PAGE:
It’s been established that the Calgary Flames are a whole new team this season, playing with more speed, energy and heart than they have in the past few years. That’s all thanks to the plethora of young new players under the guidance of seasoned vets. But what hasn’t been established yet is the answer to one of the biggest questions haunting the franchise: who is the Flames’ starting goaltender?
In the wake of Miikka Kiprusoff’s retirement, the Flames have alternated between Karri Ramo and Joey MacDonald for the starting role thus far, in hopes of finding an answer to this question. Yet it has been one full month, and although Ramo and MacDonald have had their share of great games, they’ve also had their share of bad ones, and the question remains unanswered.
This past week, all three hopeful goaltenders had their chance in front of the net. Against the Toronto Maple Leafs it was Karri Ramo. Toronto hadn’t won a game in the Saddledome in quite some time, and Ramo, looked to stymie them once again.
But just like the Flames, the Leafs are a completely different team of late, and are riding high on a hot streak. And they wasted no time showing the Flames how hot they really were.
Joffrey Lupul opened up the game’s scoring with a wrist shot just under the halfway point of the first, and James Van Riemsdyk doubled up Toronto’s lead with seconds to go in the first period, with a short-handed goal on a slashing penalty to Dave Bolland.
The second only produced one goal, (although Calgary outshot Toronto 20 to 8) courtesy of Matt Stajan, which came late in the period to bring the Flames within one.
The Flames and Leafs each nabbed a goal to keep the deficit to one throughout most of the final frame, but Paul Ranger’s empty-netter in the dying seconds of the game secured the Leafs’ victory.
In the goaltending showdown, Jonathan Bernier emerged the winner by a long shot, stopping 41 shots to Ramo’s 19. The Maple Leafs beat the Flames at home for the first time in years, 4-2.
It didn’t get any easier for Calgary as they faced the Detroit Red Wings two days later. Joey MacDonald had the daunting task of keeping pucks out of the Flames’ net against the man with the magic hands, Pavel Datsyuk, and his equally-as-skilled sidekicks Henrik Zetterberg and Niklas Kronwall.
And it was the first two aforementioned Red Wings who got the ball rolling for their team. Wristers by Datsyuk and Zetterberg gave Detroit a 2-0 lead to wrap up the first.
The Flames were not deflated, however, and fought back in the second to even things up. Chris Butler’s powerful slapshot found the back of the net halfway through the period. Minutes later, Sean Monahan’s wrister gave him his 7th goal of the season, one up on The Magician himself.
All tied up heading into the third period, the Red Wings took flight, scoring back-to-back goals. Curtis Glencross managed to sneak one past Jimmy Howard with under a minute to go before the final buzzer, but it was too little too late for the Flames, who fell 4-3. It was Calgary’s second loss in regulation at home to date.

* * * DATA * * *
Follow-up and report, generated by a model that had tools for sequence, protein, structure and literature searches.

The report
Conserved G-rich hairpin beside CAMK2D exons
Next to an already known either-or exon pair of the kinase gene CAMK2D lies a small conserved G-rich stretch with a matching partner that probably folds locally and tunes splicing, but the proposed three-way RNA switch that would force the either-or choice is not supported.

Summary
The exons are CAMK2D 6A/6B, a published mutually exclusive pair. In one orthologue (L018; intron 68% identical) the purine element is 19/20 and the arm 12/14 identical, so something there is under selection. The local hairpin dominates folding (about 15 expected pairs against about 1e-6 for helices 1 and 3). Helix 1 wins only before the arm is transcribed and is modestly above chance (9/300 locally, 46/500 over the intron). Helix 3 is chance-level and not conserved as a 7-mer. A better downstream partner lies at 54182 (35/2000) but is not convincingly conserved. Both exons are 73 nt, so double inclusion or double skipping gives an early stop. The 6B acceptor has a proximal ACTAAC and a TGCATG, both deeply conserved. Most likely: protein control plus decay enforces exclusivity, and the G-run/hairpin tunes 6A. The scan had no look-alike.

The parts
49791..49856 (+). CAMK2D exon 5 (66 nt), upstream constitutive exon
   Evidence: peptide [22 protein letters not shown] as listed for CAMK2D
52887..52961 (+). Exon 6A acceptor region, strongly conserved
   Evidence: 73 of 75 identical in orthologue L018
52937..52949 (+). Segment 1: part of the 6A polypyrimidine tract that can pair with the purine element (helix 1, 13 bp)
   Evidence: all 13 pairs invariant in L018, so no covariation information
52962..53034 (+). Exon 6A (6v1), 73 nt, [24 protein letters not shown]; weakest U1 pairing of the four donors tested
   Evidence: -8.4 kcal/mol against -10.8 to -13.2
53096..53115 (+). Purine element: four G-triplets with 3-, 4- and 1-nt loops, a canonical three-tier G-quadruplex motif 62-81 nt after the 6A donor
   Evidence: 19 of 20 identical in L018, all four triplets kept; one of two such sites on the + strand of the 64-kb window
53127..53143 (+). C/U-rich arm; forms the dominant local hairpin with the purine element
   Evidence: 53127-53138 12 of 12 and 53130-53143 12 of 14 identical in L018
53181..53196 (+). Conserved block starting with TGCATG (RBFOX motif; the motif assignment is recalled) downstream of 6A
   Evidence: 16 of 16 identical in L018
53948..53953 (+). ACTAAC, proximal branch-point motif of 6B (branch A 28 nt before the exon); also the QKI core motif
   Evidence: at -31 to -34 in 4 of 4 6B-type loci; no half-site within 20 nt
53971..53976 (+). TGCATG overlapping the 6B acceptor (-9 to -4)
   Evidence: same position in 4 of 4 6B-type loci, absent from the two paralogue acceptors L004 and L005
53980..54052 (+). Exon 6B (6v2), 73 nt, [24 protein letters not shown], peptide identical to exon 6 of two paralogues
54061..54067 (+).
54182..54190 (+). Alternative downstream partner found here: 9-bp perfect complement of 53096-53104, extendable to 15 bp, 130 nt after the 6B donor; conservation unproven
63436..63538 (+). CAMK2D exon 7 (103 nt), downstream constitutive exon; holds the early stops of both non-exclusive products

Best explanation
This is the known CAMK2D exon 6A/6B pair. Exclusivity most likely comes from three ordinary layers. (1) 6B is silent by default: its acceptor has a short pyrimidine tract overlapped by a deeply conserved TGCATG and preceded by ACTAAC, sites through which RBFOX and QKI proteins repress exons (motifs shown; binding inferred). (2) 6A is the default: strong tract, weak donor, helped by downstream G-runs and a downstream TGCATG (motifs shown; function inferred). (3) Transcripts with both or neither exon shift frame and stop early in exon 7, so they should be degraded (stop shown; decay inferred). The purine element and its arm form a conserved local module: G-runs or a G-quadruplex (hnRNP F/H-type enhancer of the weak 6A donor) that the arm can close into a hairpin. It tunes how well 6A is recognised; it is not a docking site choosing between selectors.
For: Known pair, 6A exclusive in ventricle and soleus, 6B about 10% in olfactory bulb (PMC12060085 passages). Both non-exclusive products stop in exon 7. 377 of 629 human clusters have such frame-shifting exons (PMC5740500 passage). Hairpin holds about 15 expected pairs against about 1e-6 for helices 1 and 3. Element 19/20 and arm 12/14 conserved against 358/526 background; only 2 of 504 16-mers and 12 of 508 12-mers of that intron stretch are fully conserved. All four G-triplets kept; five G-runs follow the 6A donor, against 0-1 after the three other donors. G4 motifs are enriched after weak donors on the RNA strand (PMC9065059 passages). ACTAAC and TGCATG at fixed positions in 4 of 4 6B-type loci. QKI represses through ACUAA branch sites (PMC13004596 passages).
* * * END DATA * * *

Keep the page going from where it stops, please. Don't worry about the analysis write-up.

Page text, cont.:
After two losses in a row, it seemed that the Flames would be handed their third as they headed to The Madhouse to face the Chicago Blackhawks. And this time it was rookie Reto Berra, called up from the juniors, who was starting in net.
Making his NHL debut against the defending Stanley Cup champions, you could imagine what a bundle of nerves Berra was, but if he was nervous at all, it didn’t show. Of the 44 shots he faced, Berra stopped 42, with a couple of saves being worthy of a Miikka Kiprusoff highlight reel.
Throughout the game, the Flames and Hawks alternated goals with two apiece, from Patrick Kane and Marian Hossa for Chicago, and Mike Cammalleri and Curtis Glencross for Calgary.
But once Hossa had tied the game 2-2, Berra became a door and forced the game into overtime.
Blueliner Kris Russell made sure that fans didn’t get too much extra hockey for their money, banging in a slapshot just minutes into the extra frame, to lift the Flames over the Hawks 3-2.
In his very first NHL game, Berra’s impressive play has earned him a second look from Flames’ management. Joey MacDonald was sent down to the AHL shortly after the win over Chicago, in order to give Berra the chance to battle his way into the starting goaltender position.
At 26, Berra is the youngest of the three netminders vying for the position, and the most inexperienced. But having him win the coveted spot would fit so nicely into the Flames’ unfolding storyline of young, unexpected underdogs surprising the league with brilliant plays and winning ways.